Installing my Office 365 subscription on a new computer I discovered it had decided (without asking) to upgrade itself to the 64 bit version, which resulted in some of my spreadsheets not working on the new system. The main problem is that where VBA code calls an external dll or xll file with a Declare statement, the Declare must be followed by PtrSafe for 64 bit Excel.
A comprehensive article dealing with this problem can be found at: Declaring API functions in 64 bit Office.
The following article deals with one simple example, how to deal with calls to the microtimer function, which is the main offender amongst my spreadsheets.
Revised code from the RC Design Functions spreadsheet is shown below:
#If VBA7 Then Private Declare PtrSafe Function getFrequency Lib "kernel32" _ Alias "QueryPerformanceFrequency" (cyFrequency As Currency) As Long Private Declare PtrSafe Function getTickCount Lib "kernel32" _ Alias "QueryPerformanceCounter" (cyTickCount As Currency) As Long #Else Private Declare Function getFrequency Lib "kernel32" _ Alias "QueryPerformanceFrequency" (cyFrequency As Currency) As Long Private Declare Function getTickCount Lib "kernel32" _ Alias "QueryPerformanceCounter" (cyTickCount As Currency) As Long #End If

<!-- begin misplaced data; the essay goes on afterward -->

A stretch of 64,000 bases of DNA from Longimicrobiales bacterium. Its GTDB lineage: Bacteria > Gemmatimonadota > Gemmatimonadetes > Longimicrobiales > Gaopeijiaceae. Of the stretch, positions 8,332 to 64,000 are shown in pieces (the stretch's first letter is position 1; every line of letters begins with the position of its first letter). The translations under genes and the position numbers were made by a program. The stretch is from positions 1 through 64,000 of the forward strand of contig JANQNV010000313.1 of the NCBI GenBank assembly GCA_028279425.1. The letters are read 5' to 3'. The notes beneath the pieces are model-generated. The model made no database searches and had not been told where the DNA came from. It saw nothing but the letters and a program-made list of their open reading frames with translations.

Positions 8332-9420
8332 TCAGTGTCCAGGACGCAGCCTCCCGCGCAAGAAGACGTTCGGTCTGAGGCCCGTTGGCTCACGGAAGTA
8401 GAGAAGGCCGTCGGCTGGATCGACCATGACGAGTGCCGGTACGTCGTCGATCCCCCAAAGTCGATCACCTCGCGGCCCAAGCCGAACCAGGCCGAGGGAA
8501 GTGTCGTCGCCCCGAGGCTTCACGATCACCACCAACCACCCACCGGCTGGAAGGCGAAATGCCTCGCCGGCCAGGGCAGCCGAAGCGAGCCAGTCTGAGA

- “PtrSafe” must be inserted for 64 bit Excel, and will work with recent 32 bit versions (those using VBA7), but will raise an error with earlier versions of VBA.
- With 64 bit Excel the VBA editor will show the lines without PtrSafe in red, and may raise an error during editing, but the code will run without problems with all VBA versions.
The updated version of the spreadsheet can be downloaded from: RC Design Functions8.zip
I will be progressively updating my spreadsheets as I use them, but please let me know if you are using 64 bit Excel and find a spreadsheet that has problems.